Editor’s note: Under Florida law, people who want to explore or recover artifacts on state-owned land underwater must obtain a permit.
INDIAN RIVER COUNTY – A film crew down to around 12 kept quiet during their visit to the Treasure Coast, but now the secret is out.
History Channel’s “Beyond Oak Island” recorded an episode about the treasure fleet of 1715 a few months ago in Indian River County, staying and filming at Captain Hiram Complex in Sebastian featured in season opening episode tuesday.
Resort staffers were kept in the dark about the shooting for the most part, marketing coordinator Johnny Desimone said, and there was an unspoken nondisclosure agreement not to spill the beans to residents.
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Management coordinated filming, meals and the crew’s stay at the resort, Desimone added, but there wasn’t much interaction between the film crew and resort staff. All in all, it was an unforgettable experience.
“It was really awesome,” Desimone said. “Being able to be part of the History Channel on your own is amazing, but being featured was even more of an honor.”
1715 Fleet of Spanish Wrecks
“Beyond Oak Island” follows brothers Rick and Marty Lagina as they shed light on the world’s best treasure hunting spots.
The last episode brought the two to the Treasure Coast, where Indian River County resident and professional treasure hunter Gary Drayton joined the brothers on a metal-detecting expedition along local beaches for 1,715 fleet artifacts .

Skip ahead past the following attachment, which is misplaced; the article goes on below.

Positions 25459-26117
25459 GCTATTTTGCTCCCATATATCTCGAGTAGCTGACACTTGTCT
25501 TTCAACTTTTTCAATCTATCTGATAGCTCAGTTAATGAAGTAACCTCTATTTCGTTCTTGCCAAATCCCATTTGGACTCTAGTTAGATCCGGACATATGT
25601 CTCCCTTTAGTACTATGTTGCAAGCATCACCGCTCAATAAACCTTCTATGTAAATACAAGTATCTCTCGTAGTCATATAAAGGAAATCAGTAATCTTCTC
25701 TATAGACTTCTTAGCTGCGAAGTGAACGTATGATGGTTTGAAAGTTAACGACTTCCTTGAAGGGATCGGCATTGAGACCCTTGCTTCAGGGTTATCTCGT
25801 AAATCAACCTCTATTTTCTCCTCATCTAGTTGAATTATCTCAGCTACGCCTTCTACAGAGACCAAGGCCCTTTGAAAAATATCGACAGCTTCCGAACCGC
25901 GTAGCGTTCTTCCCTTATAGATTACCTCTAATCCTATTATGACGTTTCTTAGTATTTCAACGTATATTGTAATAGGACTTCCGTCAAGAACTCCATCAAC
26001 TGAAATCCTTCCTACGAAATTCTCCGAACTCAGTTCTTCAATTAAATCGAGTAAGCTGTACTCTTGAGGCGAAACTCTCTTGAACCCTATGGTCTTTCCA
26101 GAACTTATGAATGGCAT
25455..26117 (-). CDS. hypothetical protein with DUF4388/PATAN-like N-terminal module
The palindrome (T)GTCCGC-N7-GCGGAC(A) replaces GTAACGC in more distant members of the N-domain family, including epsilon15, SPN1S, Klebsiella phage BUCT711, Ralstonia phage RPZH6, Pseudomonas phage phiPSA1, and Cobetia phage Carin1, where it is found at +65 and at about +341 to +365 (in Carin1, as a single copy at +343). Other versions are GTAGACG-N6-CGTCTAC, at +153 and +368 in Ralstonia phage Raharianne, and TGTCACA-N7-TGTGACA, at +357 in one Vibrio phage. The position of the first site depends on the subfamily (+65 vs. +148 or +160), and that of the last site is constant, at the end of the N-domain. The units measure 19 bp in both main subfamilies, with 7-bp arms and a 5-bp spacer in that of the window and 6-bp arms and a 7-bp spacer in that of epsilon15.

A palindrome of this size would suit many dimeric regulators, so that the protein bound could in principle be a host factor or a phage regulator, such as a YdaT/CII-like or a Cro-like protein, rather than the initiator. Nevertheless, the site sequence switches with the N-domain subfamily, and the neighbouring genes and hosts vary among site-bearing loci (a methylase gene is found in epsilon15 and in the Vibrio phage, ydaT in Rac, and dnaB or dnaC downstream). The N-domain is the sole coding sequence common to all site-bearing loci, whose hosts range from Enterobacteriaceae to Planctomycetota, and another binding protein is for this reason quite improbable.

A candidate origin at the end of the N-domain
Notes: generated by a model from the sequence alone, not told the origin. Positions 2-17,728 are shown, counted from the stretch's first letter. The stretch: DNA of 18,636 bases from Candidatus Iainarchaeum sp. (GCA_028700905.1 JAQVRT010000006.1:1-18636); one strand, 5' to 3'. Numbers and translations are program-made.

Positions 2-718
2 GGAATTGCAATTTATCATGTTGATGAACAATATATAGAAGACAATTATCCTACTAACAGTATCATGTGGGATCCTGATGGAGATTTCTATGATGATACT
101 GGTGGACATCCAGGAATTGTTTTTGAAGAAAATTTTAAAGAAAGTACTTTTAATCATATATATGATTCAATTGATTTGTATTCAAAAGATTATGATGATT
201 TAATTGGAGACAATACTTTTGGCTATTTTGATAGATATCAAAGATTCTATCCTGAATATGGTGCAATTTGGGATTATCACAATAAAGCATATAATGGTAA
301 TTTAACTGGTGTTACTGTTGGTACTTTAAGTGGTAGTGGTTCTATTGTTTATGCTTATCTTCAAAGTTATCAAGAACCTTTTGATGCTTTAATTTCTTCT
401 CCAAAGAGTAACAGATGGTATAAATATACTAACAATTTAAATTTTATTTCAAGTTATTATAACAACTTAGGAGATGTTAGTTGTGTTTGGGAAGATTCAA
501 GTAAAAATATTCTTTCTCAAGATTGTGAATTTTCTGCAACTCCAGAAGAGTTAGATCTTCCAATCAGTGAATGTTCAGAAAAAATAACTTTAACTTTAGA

The 1715 fleet consists of 11 Spanish ships that sank in a hurricane, later inspiring the name Treasure Coast. Treasure-laden ships are now strewn across the ocean floor, from Sebastian to the St. Lucia Nuclear Power Plant.
Drayton has amassed quite a collection of artifacts from the 1715 fleet, as the episode shows, including his most impressive find: an emerald ring believed to have belonged to Queen Isabella.
The group searched near the wreck of Corrigan, believed to be just south of what is now Turtle Trail Beach. No treasure was found, but Drayton did find what he believed to be a piece of aluminum from the explosion of the Space Shuttle Challenger in 1983.
Everyone then met for lunch at Captain Hiram’s Blackfin Restaurant, where they were joined by Captain John Brandon of 1715 Fleet-Queens Jewels LLC, a Sebastian-based shipwreck salvage operation.
The next day, the party again scoured the beaches about a mile south near the 1715 salvage camp and had better luck – discovering a rare copper bridge tip from the 1715 fleet, verified by experts from the McLarty Treasure Museum in Vero Beach.
This article originally appeared on Treasure Coast Newspapers: The History Channel show on the 1715 fleet features Capt. Hiram’s Resort